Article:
We are doing research on a similar situation combining machine vision processing with volunteer annotations in a citizen science project. It would be interesting to see how much translates across these settings, e.g., if our ideas about using the machine annotations are applicable here as well. 

Kevin Crowston  | Associate Dean for Research and Distinguished Professor of Information Science |  School of Information Studies

Syracuse University
348 Hinds Hall
Syracuse, New York 13244
(315) 443.1676   315.443.5806   e   crowston@syr.edu  

From: Jan Dittrich <jan.dittrich@wikimedia.de>
Subject: Re: [Wiki-research-l] Google open source research on automatic image captioning

I find it interesting which impact this could have on the sense of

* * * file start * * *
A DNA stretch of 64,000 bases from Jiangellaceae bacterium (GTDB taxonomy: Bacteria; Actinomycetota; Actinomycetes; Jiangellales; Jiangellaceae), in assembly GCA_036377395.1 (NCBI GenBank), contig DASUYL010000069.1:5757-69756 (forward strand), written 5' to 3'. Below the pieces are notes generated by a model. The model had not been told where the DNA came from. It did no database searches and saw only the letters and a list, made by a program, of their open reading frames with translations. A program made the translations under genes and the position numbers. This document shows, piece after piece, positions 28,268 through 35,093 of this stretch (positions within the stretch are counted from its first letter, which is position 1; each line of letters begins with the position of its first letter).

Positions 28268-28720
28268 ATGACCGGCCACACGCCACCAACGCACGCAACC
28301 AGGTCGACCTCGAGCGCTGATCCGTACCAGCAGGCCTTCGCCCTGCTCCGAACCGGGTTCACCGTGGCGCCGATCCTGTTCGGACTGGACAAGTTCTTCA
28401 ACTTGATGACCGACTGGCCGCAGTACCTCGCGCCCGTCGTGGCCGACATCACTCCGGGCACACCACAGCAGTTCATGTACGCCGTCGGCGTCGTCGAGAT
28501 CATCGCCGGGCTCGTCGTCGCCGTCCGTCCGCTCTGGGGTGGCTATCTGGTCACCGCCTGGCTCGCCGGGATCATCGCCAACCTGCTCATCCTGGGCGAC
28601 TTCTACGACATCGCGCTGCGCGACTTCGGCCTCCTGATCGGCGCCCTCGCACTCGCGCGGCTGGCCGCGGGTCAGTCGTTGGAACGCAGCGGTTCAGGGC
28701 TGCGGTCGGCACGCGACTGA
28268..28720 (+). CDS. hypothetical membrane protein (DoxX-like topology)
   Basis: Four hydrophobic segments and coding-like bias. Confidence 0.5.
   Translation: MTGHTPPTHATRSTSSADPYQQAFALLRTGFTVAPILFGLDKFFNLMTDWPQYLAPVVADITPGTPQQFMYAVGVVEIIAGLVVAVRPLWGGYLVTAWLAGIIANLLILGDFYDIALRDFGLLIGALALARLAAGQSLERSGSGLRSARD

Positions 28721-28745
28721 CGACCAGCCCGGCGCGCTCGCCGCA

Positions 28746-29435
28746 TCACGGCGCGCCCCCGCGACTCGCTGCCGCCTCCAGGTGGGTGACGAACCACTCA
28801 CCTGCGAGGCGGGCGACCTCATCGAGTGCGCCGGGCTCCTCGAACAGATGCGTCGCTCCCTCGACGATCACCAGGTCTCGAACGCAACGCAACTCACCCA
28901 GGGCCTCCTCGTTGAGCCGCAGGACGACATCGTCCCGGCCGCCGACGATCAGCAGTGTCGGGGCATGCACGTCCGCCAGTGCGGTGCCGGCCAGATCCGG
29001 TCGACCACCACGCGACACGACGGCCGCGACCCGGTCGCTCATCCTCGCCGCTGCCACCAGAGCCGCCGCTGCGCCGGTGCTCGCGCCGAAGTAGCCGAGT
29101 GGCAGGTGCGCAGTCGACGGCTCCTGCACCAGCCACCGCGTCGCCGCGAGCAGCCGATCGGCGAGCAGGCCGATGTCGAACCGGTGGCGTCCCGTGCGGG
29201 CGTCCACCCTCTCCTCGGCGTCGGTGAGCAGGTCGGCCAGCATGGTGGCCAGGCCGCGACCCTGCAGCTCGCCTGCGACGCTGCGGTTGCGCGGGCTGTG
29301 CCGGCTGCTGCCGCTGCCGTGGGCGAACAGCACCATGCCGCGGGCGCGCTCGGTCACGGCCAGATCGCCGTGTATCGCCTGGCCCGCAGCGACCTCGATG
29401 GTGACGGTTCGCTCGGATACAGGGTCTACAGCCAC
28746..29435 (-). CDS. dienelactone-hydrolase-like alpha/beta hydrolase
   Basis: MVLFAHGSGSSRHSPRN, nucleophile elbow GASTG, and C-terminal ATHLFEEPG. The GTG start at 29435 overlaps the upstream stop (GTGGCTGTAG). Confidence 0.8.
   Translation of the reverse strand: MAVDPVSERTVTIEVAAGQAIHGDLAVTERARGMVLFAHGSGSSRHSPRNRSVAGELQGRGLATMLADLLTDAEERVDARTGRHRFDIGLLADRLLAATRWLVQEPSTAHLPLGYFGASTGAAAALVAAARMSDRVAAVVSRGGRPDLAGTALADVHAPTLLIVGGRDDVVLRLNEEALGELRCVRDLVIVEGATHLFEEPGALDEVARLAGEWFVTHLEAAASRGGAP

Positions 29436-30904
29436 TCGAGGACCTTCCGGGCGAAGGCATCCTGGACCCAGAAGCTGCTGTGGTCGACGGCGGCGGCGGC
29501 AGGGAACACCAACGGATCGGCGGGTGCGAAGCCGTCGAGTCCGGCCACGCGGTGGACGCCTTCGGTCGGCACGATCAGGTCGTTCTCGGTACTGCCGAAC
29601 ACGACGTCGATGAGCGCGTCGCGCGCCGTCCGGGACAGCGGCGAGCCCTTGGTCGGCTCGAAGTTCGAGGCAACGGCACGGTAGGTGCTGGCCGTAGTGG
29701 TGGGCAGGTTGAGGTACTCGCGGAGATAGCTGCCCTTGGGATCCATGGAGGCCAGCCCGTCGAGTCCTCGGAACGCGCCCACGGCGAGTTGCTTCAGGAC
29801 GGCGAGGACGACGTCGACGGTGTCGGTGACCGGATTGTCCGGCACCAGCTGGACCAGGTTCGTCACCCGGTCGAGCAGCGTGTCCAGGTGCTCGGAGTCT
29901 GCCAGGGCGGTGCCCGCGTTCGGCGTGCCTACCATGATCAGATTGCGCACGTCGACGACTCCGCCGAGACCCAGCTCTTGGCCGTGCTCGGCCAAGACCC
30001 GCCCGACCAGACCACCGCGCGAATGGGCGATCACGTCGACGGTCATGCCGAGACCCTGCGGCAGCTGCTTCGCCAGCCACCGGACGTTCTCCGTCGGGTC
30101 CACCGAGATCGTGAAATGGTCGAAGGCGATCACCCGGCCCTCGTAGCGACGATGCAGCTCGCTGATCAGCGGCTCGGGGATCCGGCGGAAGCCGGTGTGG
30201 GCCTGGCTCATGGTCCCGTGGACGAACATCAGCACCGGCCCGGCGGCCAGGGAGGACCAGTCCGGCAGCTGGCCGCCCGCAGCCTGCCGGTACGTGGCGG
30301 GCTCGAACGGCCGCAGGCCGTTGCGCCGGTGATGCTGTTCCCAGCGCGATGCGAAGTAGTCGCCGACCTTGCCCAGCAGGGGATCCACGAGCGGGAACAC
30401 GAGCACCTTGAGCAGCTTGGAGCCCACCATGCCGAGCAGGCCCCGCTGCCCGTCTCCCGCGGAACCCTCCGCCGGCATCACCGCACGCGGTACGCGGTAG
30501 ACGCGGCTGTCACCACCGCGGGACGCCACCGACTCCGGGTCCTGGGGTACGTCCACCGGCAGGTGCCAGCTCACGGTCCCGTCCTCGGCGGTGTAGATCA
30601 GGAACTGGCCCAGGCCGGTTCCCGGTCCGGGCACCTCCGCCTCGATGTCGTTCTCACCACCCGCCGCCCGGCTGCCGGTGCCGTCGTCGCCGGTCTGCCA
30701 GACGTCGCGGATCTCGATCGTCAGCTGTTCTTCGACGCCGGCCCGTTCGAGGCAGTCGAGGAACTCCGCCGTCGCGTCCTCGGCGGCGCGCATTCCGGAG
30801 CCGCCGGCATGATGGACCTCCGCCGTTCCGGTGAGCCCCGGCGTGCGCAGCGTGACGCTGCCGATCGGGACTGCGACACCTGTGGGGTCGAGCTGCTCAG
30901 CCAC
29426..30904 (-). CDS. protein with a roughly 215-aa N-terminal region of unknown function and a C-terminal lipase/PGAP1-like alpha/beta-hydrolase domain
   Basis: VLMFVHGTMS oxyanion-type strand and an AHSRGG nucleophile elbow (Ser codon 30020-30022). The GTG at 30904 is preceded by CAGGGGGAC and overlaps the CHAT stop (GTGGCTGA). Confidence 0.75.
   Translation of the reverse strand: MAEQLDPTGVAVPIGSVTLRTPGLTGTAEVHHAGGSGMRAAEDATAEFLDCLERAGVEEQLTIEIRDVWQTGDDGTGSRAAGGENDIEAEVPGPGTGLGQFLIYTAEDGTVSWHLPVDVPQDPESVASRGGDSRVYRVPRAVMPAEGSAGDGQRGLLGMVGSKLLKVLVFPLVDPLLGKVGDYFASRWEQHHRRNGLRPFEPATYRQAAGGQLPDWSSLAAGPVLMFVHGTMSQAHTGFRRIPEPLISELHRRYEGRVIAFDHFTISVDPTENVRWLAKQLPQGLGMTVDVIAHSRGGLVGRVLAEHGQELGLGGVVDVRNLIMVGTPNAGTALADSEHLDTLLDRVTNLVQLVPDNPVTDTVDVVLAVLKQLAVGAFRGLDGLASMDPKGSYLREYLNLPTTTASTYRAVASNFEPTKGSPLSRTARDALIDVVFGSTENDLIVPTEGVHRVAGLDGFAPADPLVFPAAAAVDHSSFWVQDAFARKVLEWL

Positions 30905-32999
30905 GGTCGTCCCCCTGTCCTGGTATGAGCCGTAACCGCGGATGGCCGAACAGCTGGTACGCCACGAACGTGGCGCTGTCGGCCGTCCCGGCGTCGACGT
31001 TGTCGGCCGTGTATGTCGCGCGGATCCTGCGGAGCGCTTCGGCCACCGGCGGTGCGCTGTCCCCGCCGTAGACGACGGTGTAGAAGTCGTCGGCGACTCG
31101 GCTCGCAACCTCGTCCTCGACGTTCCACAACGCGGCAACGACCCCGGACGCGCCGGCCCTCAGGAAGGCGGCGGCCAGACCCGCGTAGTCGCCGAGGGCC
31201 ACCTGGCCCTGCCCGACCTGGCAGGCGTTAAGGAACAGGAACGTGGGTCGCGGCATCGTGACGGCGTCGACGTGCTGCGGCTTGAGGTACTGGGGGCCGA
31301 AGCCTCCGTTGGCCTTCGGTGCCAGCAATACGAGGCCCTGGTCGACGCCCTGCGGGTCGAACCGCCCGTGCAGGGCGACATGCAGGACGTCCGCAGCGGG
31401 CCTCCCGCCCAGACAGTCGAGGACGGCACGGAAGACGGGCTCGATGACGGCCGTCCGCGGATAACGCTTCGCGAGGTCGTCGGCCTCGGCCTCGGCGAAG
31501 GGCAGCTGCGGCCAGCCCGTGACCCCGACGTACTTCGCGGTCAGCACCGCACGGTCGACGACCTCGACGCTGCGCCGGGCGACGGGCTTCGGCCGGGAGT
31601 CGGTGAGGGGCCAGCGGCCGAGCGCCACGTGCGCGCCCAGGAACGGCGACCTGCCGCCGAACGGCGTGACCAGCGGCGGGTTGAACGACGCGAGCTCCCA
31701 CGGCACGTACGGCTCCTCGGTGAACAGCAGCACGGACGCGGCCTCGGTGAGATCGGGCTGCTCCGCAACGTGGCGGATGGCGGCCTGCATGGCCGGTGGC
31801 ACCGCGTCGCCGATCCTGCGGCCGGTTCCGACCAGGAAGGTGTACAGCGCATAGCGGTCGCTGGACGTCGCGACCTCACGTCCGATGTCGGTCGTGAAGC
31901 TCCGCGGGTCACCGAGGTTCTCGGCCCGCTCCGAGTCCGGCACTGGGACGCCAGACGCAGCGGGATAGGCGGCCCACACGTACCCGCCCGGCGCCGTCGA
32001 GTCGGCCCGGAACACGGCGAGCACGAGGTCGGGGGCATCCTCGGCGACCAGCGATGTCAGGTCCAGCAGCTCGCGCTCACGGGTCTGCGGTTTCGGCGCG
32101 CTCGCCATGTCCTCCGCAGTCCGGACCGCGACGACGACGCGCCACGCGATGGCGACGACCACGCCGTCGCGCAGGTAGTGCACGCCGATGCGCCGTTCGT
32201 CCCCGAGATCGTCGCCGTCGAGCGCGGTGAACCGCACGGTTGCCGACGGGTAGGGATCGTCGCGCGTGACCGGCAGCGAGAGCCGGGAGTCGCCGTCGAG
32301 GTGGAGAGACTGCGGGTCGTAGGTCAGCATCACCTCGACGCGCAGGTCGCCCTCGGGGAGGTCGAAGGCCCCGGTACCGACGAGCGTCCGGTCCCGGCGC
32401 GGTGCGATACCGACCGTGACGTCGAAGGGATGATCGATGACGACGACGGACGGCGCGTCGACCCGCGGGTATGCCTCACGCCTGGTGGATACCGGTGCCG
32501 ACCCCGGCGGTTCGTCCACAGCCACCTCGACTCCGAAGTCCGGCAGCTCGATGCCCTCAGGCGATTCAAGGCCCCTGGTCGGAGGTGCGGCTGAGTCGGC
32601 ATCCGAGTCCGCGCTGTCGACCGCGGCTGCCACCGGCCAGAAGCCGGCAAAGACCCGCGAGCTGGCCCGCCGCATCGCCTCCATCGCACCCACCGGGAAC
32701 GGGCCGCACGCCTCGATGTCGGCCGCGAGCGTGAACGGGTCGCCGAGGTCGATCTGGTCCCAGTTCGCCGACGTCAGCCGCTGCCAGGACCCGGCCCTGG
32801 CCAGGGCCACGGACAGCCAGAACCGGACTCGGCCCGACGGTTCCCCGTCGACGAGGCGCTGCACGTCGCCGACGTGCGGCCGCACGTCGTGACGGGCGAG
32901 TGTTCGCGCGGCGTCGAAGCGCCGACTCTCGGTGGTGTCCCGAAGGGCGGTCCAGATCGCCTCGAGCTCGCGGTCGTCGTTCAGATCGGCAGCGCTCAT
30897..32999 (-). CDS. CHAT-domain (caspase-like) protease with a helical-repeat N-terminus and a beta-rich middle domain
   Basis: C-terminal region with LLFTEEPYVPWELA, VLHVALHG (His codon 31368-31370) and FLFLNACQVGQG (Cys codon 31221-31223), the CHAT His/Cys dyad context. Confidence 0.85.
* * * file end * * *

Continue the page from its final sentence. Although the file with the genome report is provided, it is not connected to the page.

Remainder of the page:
achievement for volunteers, if captions are autogenerated or suggested and
them possibly affirmed or corrected.
On one hand one could assume a decreased sense of ownership,
on the other hand, it might be more easier to comment/correct then to write
from scratch and feel much more efficient.


2016-09-27 23:08 GMT+02:00 Dario Taraborelli <dtaraborelli@wikimedia.org>:

> I forwarded this separately to internally at WMF a few days ago. Clearly –
> before thinking of building workflows for human contributors to generate
> captions or rich descriptors of media files in Commons – we should look at
> what's available in terms of off-the-shelf machine learning services and
> libraries.
> #1 rule of sane citizen science/crowdsourcing projects: don't ask humans
> to perform tedious tasks machines are pretty good at, get humans to curate
> inputs and outputs of machines instead.
> D